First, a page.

Speech Pathology Services and Educational Consultation

 Benefits of Speech Language Pathology Services

Skilled Speech Language Pathology services can help your child with oral motor or articulation delays, voice and resonance disorders, language delays in morphology, phonology syntax, semantics, or  pragmatics,  auditory processing, working memory and executive function skills. These skills are essential components of learning and delays can have a negative adverse impact on your child’s academic success.


Special Education Advocacy  A growing number of children are in need of Individualized Education Plans (IEP's) to increase success in the classroom. Missouri Department of Elementary and Secondary Education (DESE) is the lead agency responsible for implementing services under Part C and B of the Individuals with Disabilities Education Act. Part C offers services through First Steps program for children ages birth to three years.  The Part B program includes special education services through your local public school for children ages 3-21. Under IDEA, each child with or without disabilities is entitled to a free and appropriate public education (FAPE) and should be placed in the least restrictive environment (LRE) to meet his or her educational needs. Under these laws, parents have legal rights and responsibilities. Special Education Advocates can act as a neutral voice to help parents learn about the laws, rights, and responsibilities throughout the special education process.  They can help parents understand and make effective choices for their child's educational program as well as serve as a check and balance system for schools to follow legal requirements. A Special Education Advocate is  an instrumental team member that can mediate for successful IEP planning.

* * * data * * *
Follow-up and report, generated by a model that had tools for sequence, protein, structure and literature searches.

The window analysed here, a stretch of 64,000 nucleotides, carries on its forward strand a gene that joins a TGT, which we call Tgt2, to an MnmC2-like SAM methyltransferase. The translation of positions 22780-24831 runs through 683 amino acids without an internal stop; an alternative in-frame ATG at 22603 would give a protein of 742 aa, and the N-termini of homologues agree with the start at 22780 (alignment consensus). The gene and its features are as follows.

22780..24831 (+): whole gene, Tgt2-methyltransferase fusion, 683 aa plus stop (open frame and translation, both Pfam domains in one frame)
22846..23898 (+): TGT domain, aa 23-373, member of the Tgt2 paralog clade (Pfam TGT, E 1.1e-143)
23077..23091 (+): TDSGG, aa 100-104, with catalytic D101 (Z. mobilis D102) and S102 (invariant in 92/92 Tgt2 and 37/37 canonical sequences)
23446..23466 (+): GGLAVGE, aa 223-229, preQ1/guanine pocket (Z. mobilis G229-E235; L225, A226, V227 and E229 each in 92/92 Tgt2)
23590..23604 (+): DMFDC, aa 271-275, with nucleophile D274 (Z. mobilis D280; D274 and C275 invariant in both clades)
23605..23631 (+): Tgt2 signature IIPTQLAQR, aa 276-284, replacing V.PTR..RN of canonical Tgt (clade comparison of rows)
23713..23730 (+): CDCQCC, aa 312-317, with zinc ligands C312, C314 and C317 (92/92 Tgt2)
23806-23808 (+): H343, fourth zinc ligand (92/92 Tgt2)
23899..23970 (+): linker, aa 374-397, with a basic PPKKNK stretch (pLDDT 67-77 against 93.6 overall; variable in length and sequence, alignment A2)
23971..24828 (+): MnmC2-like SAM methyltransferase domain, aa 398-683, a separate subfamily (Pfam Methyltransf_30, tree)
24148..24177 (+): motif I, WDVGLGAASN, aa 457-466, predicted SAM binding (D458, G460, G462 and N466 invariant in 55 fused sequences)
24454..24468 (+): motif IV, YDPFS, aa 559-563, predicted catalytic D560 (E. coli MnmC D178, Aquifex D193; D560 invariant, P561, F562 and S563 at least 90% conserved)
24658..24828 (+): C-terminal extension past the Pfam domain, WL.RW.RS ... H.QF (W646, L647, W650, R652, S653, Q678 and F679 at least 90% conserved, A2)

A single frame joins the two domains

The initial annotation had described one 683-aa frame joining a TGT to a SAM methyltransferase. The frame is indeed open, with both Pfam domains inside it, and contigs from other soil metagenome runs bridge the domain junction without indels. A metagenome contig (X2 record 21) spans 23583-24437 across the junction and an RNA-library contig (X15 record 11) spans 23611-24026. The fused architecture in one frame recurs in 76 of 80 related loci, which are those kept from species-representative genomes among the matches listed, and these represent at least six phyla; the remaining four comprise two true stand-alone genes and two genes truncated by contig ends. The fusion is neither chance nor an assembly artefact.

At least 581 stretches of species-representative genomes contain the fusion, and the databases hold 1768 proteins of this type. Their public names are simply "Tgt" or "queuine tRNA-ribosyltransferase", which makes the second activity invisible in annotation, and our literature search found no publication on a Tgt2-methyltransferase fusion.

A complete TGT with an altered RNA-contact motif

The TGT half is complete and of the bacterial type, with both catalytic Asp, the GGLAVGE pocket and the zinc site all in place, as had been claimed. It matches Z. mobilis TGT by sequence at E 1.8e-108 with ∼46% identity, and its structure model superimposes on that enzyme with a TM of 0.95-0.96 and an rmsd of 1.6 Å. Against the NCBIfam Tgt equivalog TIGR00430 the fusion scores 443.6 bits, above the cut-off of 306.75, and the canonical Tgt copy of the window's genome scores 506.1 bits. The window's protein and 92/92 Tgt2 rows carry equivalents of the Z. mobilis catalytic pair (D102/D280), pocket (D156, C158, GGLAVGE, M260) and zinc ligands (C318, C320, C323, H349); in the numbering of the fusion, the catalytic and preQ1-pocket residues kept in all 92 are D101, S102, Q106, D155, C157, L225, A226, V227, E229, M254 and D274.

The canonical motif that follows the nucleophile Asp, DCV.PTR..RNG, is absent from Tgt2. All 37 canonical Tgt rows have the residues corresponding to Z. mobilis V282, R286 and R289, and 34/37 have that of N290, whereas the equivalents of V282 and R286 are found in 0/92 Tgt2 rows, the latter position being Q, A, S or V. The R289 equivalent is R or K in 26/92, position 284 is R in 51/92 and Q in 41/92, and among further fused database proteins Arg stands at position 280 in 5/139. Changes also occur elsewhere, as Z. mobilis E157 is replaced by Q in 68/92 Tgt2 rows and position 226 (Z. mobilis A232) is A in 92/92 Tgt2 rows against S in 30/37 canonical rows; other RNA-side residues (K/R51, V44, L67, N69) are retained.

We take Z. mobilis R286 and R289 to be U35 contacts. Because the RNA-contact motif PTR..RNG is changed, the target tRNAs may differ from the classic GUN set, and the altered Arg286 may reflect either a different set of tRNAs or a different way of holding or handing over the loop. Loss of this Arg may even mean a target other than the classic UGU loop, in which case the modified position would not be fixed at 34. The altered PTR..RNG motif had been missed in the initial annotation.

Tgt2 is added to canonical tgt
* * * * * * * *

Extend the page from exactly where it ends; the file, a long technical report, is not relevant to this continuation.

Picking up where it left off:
Consult a Speech Language Pathologist if your child has difficulty in any of the following areas:

  • sound errors, immature sounding speech, or if speech is  difficult to understand 
  • voice is hoarse, raspy, whispery, too high or low, strained or nasal resonance
  • unable to communicate verbally, uses an augmentative communication device
  • difficulty with word endings, tense markers, plurals, other grammatical or morphological concepts
  • difficulty understanding or using basic concepts of time, space, location
  • maintaining eye contact, using language appropriately, social difficulties, communicating wants or needs appropriately, exchanging ideas, developing conversational skills
  • understanding spoken language, following directions
  • attending to tasks, holding or retaining information
  • difficulty with phonological processes, phonemic awareness, spelling, and reading comprehension skills
  • math vocabulary or computation difficulties 
  • written expression of ideas or concepts
  • difficulty recalling information in sequences or sequencing events
  • difficulty interpreting meaning of abstract information or making inferences from written or verbal communication.
  • difficulty keeping up with class discussions or note taking
  • planning, organizing, or executing projects